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Atheism Reduces Maternal Mortality in Nigeria
Leo Igwe   Apr 7, 2016   Brighter Brains  

If you are one of those who think that atheism is of no benefit to Africa and Africans, that disbelieving in god has no social value or significance for this people then you may rethink your position after reading this.

You may be aware that the government of Cross River State in Southern Nigeria is waging a fierce campaign against the practice of ‘church birth’ and this practice highlights the dangers of theism particularly when it is applied to maternal health issues. You may ask : What is church birth? Church birth is a practice where pregnant women go to churches or faith clinics, instead of hospitals, to deliver their babies. A BBC report on one of such churches, The Land of Promise Church, which is located near the city of Calabar has made international headlines.

Since the 90s, some African Initiated Churches have, in their quest for relevance and extra income, established child delivery facilities that are often operated by ‘traditional birth attendants’. These churches lure their members who are pregnant to use their faith clinics instead of going to the maternity clinics where they are likely to pay more for the process of delivery. These pregnant women, who are mainly from poor families, are forced to patronize these clinics at least to reduce the costs of childbirth and at same time to demonstrate their faith in god, in their ‘church god’. The women register in these faith clinics and are made to fast and pray. They are made to believe that it is only GOD, not any human being who would make them deliver successfully. Particularly they are told that ‘Dr Jesus’ is in charge of the process.

At this Land of Promise Church, pregnant women congregate. They fast and pray to god to help them deliver safely. The operator of the faith clinic made it clear that her work was god-ordained:

“This is the work that God gave me to do. From my youth, I helped my mother to deliver babies. God has been helping me, and God will not allow anything dangerous or evil to happen.”


Is that really the case? Don’t ‘evil’ things’ happen in these places? She stressed that the way to guarantee safe delivery was through prayer:

“I pray with the mothers and my followers can testify about my skills… Every pregnant woman that has come to me has delivered safely and gone home with their children.” She further stated:’‘As a child of God, you do not stay idle, you have to be closer to God. So that as a pregnant woman, when it comes to the time of delivery, everything will be easy for you.”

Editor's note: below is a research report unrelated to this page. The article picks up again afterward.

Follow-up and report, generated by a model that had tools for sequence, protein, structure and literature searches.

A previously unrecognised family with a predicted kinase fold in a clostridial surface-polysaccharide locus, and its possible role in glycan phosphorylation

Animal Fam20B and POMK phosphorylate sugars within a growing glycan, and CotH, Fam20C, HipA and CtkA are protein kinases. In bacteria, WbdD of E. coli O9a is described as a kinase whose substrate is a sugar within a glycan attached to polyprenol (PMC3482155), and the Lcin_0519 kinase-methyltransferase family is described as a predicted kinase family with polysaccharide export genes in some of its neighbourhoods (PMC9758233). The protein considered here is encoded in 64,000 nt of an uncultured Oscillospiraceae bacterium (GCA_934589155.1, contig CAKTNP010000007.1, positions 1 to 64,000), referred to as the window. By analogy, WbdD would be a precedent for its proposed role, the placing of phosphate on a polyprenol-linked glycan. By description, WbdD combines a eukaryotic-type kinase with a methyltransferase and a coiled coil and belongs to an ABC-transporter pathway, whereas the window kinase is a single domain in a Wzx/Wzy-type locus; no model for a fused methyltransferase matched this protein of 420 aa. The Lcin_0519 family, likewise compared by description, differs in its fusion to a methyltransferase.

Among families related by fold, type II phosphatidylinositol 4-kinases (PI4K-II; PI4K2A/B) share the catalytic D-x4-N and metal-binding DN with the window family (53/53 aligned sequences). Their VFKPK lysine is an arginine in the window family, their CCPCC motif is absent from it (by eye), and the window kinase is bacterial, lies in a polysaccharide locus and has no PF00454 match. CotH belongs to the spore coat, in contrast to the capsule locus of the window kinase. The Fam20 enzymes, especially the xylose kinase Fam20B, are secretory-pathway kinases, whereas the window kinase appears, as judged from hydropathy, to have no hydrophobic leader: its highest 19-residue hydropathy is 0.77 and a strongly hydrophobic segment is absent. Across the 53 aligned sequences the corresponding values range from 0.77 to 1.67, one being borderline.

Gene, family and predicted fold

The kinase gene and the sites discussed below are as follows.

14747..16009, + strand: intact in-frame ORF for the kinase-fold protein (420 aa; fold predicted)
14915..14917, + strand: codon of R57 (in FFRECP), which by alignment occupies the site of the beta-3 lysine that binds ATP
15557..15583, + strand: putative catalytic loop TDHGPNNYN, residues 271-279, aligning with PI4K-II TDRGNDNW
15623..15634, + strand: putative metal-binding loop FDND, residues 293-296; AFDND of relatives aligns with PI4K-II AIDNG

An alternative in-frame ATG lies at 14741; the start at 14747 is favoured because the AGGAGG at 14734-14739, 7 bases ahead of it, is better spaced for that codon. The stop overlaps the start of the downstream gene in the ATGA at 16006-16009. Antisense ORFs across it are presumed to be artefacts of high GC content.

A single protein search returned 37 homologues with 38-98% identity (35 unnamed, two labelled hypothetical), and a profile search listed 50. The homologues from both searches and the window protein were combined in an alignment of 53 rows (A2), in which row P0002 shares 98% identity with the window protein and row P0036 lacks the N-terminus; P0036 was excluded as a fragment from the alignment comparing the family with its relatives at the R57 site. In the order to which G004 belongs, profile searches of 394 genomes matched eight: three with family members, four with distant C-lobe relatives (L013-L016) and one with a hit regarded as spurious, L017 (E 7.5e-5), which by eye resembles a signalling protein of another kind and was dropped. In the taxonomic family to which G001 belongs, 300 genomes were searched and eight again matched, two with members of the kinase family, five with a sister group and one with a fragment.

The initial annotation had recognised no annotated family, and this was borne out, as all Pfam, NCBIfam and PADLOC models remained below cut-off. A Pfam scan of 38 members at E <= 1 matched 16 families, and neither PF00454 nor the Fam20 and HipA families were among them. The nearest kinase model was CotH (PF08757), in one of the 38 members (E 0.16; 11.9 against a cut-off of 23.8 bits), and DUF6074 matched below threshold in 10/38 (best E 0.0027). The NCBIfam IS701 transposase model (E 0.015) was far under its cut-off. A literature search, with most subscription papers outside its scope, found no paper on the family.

Are things always easy for the women? Of course, not.

Sadly there have been reports of women who developed complications in the course of delivery at these clinics. Sometimes they were taken to the hospital but died before they could receive proper treatment. Reports of such incidents have not stopped pregnant mothers from going to these faith clinics because they hold this belief that it would not be their portion. But what happens at the end of the day? It ends up being the portion of some of them and these woman die in the course of the delivery or after delivery due to one complication or the other.

Fortunately, the wife of the state governor, Dr Linda Ayade is leading a campaign to stop the practice of ‘church birth’ in the region and she deserves commendation for that. She is going from community to community to persuade ‘expectant mothers’ from going to deliver at these faith clinics. But the main question is: Will this campaign against ‘church birth’ succeed? This practice has been going on for decades. Will the campaign really persuade pregnant women from going to these faith clinics due the high cost of maternal health care in the state? Is there any initiative to support these women financially and to subsidize antenatal and post natal care?

The governor’s wife has been educating women by sharing experiences of women who had died due to this practice and making them understand the risks involved in this undertaking. Is she saying that these women are not aware of the risks involved? After all why are the women praying and fasting in the first place? Is it not because they know that they might die in the process?